The Steampunk Empire

The Crossroads of the Aether

Gaslight Gastronomy and Recipe Revels

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Gaslight Gastronomy and Recipe Revels

A group for those who like to cook--and EAT! Please share your historical or steampunk-inspired recipes-- cocktail formulas too! Entertaining tips are welcome!

Members: 125
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SteamPunk Birthday & Wedding Cakes

Started by Captain. Last reply by Captain on Monday. 9 Replies

There were just too many good ideas in this forum thread to not crosspost:…Continue

Tags: sabre, reception, stories, tea, broom

Mrs. Beeton's Book of Household Managment

Started by Luveday Tyreman. Last reply by Captain Nov 20, 2014. 5 Replies

http://www.mrsbeeton.com/index.htmlFrom the introduction:"Comprising Information for theMistress, Housekeeper, Cook, Kitchen-maid, Butler,…Continue

Searching for the perfect steampunk cocktail

Started by Amelia Bedingfield. Last reply by J XD Oct 5, 2014. 36 Replies

What constitutes the perfect steampunk cocktail? Is it historically-inspired ingredients? Classic or archaic formulae? Do you go more German or more British? What goes into the presentation? A stiff…Continue

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Comment by Professor Argon Bats on January 1, 2015 at 11:43am

Most excellent! So definitely Edwardian then - my mistake. But still, this would make a nice steamy dinner, perhaps a Sherlock Holmes theme. I will take notes in my kitchen notebook.

Comment by Captain on January 1, 2015 at 11:16am

http://www.foodnetwork.com/recipes/alton-brown/crown-roast-of-lamb-...

This has a pretty straight forward video showing how to make the lamb crown.  The origin of the crown cut seems to be about 1905(?)

Comment by Professor Argon Bats on December 31, 2014 at 10:03pm

Hmm - that's an idea. The lamb with couscous looks fantastic.

Comment by Captain on December 31, 2014 at 3:46pm

Professor Argon Bats - I must begin with the requisite "Bless your heart but you must be a Yankee to not love pork.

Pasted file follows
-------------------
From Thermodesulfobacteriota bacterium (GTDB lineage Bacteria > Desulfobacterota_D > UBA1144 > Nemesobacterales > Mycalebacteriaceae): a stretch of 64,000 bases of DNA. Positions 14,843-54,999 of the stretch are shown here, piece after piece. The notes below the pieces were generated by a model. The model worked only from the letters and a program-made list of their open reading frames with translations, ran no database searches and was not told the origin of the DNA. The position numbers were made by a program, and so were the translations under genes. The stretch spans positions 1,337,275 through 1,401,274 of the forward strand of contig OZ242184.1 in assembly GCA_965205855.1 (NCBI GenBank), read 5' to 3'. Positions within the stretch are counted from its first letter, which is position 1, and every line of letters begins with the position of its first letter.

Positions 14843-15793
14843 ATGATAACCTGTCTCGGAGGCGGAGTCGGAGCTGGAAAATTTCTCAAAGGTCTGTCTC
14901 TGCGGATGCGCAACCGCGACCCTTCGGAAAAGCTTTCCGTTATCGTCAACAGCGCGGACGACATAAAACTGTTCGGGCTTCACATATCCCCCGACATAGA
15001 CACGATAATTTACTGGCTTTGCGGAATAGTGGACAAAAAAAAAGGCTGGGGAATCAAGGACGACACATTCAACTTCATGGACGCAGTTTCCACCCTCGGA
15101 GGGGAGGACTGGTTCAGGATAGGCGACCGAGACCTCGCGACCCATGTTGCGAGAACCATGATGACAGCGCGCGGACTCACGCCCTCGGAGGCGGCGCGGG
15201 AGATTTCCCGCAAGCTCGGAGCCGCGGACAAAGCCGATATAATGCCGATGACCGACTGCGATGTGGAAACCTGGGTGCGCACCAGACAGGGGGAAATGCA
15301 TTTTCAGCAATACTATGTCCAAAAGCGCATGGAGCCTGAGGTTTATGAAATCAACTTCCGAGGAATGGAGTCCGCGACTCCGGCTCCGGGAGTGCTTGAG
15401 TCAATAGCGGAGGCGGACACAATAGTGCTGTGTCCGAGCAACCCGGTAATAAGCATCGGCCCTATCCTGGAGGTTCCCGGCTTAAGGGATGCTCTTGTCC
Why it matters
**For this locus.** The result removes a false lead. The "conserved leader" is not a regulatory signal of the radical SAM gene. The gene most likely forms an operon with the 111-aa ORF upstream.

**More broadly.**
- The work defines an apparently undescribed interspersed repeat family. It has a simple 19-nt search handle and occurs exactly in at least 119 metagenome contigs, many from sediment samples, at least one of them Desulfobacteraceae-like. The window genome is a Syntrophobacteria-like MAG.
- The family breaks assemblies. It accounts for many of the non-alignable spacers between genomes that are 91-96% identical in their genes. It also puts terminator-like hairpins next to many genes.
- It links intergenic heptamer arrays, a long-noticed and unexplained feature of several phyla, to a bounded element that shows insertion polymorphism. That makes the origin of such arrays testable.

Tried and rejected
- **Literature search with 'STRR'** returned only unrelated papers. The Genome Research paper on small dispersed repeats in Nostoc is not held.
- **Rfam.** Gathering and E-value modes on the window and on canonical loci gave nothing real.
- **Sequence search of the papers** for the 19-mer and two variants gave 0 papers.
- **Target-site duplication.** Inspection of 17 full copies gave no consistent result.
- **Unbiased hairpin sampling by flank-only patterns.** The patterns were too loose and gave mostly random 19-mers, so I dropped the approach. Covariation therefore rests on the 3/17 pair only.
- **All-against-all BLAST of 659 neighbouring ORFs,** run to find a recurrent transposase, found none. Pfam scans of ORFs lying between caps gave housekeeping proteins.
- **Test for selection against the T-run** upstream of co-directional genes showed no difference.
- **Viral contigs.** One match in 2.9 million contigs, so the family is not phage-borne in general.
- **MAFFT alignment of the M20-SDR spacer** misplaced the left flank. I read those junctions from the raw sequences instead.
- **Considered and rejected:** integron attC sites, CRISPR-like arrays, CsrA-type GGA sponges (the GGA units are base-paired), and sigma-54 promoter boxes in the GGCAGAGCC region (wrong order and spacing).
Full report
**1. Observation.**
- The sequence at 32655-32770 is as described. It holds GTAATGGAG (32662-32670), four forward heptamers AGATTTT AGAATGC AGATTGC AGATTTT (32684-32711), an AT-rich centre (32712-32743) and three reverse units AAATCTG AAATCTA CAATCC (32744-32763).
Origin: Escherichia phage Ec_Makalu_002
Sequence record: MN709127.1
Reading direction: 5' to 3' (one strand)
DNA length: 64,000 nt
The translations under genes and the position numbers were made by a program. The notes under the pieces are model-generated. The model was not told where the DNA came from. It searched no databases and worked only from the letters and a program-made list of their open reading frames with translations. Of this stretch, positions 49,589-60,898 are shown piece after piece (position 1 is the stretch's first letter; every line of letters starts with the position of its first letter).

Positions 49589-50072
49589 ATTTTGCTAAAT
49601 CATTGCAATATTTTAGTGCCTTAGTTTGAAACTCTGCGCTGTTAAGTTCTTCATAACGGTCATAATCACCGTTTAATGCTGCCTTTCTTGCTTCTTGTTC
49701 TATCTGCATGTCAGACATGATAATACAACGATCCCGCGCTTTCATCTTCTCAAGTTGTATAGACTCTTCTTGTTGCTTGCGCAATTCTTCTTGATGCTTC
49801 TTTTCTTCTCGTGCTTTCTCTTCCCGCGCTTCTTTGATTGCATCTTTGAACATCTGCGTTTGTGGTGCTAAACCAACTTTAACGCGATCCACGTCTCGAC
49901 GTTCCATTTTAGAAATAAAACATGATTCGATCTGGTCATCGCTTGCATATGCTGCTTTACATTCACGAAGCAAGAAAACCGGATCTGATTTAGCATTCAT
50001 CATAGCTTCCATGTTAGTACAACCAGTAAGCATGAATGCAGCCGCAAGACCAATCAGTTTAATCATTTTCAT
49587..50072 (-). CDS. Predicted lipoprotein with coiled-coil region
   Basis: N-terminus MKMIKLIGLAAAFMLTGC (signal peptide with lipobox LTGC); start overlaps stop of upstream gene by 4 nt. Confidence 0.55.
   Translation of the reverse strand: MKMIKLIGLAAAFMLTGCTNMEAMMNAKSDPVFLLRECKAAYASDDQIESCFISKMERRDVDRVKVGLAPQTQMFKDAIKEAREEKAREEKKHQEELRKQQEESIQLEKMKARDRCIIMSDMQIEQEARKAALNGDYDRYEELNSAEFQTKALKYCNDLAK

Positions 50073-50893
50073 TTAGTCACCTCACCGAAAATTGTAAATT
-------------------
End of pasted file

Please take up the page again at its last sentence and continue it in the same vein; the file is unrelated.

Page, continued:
You can also make crown roast of lamb, beef, or most other large beast like deer and bear.  I would like to make a lamb crown roast stuffed with couscous for Easter-ish.  http://www.epicurious.com/recipes/food/views/Crown-Roast-of-Lamb-wi...

I have tried doing a little research on the history of crown roasts but about the only references to Victorian crown roasts seem to be lamb.  Oh well, I love lamb. 

Maybe lamb with Persian Jeweled Rice: http://fxcuisine.com/Default.asp?language=2&Display=93&reso...

Comment by Professor Argon Bats on December 31, 2014 at 2:55pm

Nice! Thanks for sharing. Pork does not agree with me, so I will not attempt, but it does look ever so late Victorian / Edwardian. Especially with the little frilly paper cuffs on...

Comment by Captain on December 31, 2014 at 10:48am

Ryan Grimm - that is basically the same recipe that I just and it came out great.  I did make an olive oil, pink salt, pepper, thyme, basil, sage, and paprika paste/rub that made a really good crust especially starting at 450F.

I made the stuffing separately and stuffed the roast after it was out of the oven. 

There were not many drippings to make gravy and the gravy came out very herby so it disappeared fast. 

Comment by Ryan Grimm on December 31, 2014 at 7:32am

I have done a frenched crown of pork, and found it QUITE simple yet impressive as hell.
You can buy it already rolled into the crown, or do it yourself with some cotton kitchen twine (I use three pieces).
HOWEVER, I do it with the ribs INSIDE, and do NOT stuff it.
Since it will not roll tightly with the meat out, I slash the protruding meat a bit to allow the roll....make the slashes where you will be cutting the ribs apart later.
Then I place it on a lined shallow baking pan RIBS DOWN (standing on the ribs).

I rub with salt and pepper, then oil.
Place in a 450 F degree oven for 20-30 minutes, then reduce temp to 350.
I use a meat probe to get it to 160 degrees internal temp, then pull from the oven and wrap in foil.  The temp will increase to 170 internal....and allow the roast to rest before carving.
A 10-rib roast will serve 5-7 people.
About 30 minutes or so (depending on your experience) I peel, season and oil potatoes, onions and small carrots and place them on the pan to roast.
Serve with the pork.

NOTE:  these roasts tend to be lean, so not much will be left for making gravy.

Comment by Captain on December 30, 2014 at 5:32pm

Pork and sauerkraut for New Year's Eve dinner is supposed to ensure good luck for the coming year.  Unless you are in Texas then it is black-eyed peas or the Deep South collard greens. 

Comment by Captain on December 23, 2014 at 5:34pm
Comment by Captain on December 23, 2014 at 8:40am

In time for Christmas, a sugar plum recipe:  http://www.foodnetwork.com/recipes/alton-brown/sugarplums-recipe.html

 

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